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Nursing research to improve rural health care

Posted: Monday, Dec 23rd, 2013

Nursing student Kelsey Ray administers an IV to simulation mannequin Anne Jackson in the SDSU lab in Wagner Hall in May 2013.

BROOKINGS – It’s not a matter of numbers but location.

With 1,247 registered nurses per 100,000 people, South Dakota has one of the nation’s highest ratios of registered nurses, according to the 2013 U.S. Nursing Workforce Report.

“One would assume with South Dakota’s larger population ratio of nurses that our state would have our needs met. However, some rural areas have difficulty finding nurses, while some areas, such as Minnehaha and Pennington counties, may have more than an adequate supply,” explains Linda Young, nursing specialist at the South Dakota Board of Nursing.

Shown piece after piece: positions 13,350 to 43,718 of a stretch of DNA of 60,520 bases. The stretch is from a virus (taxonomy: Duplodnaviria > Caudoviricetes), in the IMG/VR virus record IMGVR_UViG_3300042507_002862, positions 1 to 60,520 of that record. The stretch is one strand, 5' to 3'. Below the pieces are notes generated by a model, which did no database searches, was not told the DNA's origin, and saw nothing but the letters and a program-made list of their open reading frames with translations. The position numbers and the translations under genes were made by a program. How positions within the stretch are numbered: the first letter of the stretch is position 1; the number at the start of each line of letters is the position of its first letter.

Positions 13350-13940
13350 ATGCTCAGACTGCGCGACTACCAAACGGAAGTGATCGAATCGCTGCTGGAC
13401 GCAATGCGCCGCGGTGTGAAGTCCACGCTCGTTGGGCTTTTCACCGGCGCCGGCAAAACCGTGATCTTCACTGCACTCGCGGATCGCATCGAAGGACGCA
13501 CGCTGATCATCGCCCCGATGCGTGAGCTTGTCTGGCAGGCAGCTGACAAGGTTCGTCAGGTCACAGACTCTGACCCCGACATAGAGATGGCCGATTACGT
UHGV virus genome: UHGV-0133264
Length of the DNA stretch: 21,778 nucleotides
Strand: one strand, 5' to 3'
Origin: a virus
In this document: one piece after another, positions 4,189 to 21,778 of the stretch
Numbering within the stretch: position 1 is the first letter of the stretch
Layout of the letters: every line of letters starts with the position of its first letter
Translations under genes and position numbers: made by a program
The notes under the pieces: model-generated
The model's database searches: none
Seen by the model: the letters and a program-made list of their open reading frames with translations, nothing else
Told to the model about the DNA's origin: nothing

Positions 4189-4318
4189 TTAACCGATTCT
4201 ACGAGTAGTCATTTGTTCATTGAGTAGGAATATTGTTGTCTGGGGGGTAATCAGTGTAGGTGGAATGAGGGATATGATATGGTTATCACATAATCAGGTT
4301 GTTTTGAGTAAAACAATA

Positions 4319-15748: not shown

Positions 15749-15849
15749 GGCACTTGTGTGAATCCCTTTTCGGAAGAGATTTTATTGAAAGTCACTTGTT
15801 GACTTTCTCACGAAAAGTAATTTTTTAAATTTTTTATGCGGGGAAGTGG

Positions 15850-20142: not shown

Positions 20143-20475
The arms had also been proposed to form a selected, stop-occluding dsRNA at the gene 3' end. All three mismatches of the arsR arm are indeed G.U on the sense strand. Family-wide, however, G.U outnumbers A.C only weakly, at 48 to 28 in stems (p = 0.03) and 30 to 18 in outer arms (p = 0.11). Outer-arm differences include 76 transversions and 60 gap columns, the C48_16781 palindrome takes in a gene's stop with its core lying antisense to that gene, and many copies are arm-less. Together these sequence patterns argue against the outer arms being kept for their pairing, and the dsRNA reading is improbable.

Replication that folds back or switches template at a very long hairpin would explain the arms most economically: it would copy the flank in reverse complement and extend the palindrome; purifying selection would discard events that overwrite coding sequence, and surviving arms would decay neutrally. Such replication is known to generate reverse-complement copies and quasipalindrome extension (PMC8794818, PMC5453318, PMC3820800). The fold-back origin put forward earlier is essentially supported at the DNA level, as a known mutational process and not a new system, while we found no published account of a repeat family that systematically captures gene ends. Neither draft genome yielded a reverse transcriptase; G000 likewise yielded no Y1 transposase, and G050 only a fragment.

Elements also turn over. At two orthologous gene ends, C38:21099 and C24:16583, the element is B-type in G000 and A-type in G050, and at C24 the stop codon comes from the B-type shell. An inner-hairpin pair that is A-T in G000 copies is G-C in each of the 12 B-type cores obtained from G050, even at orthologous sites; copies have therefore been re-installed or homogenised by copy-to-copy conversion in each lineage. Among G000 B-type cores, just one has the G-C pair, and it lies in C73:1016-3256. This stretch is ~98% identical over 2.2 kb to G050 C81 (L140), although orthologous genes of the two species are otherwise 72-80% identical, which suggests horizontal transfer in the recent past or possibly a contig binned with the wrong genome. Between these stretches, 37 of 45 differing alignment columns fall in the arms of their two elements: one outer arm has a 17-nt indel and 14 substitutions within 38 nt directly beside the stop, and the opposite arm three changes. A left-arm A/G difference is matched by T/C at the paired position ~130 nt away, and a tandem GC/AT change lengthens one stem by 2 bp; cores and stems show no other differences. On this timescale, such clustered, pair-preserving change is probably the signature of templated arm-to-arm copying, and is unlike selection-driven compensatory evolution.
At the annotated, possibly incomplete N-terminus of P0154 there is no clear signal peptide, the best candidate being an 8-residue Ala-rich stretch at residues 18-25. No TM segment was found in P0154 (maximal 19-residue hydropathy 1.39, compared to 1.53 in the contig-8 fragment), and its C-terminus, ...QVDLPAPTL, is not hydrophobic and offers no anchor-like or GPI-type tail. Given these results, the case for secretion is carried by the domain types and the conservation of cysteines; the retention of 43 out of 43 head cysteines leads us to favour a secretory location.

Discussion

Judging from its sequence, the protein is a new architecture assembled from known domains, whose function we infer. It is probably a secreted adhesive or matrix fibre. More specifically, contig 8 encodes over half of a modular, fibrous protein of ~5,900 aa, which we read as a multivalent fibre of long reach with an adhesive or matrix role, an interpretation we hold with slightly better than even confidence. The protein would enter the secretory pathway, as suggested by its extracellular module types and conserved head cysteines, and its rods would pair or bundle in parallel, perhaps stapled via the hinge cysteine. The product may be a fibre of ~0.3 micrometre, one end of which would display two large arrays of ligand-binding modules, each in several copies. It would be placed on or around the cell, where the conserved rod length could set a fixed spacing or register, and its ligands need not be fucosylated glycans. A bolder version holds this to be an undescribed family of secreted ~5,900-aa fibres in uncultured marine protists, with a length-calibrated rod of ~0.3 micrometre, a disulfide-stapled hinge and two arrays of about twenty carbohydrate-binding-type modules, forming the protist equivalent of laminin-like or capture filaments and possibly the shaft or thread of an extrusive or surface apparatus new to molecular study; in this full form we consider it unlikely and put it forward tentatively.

• Location makes a difference

The South Dakota Board of Nursing does not monitor where these nurses work but where they live. Young reports that as of December 2012, some 13,307 registered nurses reside within South Dakota. However, they don’t necessarily work in the town where they live.

“When we break that down by county or region, we have those pockets where there aren’t enough nurses to meet the needs of those in the communities,” Young explains. She cites the central region, from Corson County to Gregory County, which has numbers ranging from 9 to 77 nurses per county.

South Dakota State University’s Lois Tschetter, an associate professor in nursing, seeks to improve these statistics.

For the complete article see the 12-24-2013 issue.

Click here to purchase an electronic version of the 12-24-2013 paper.

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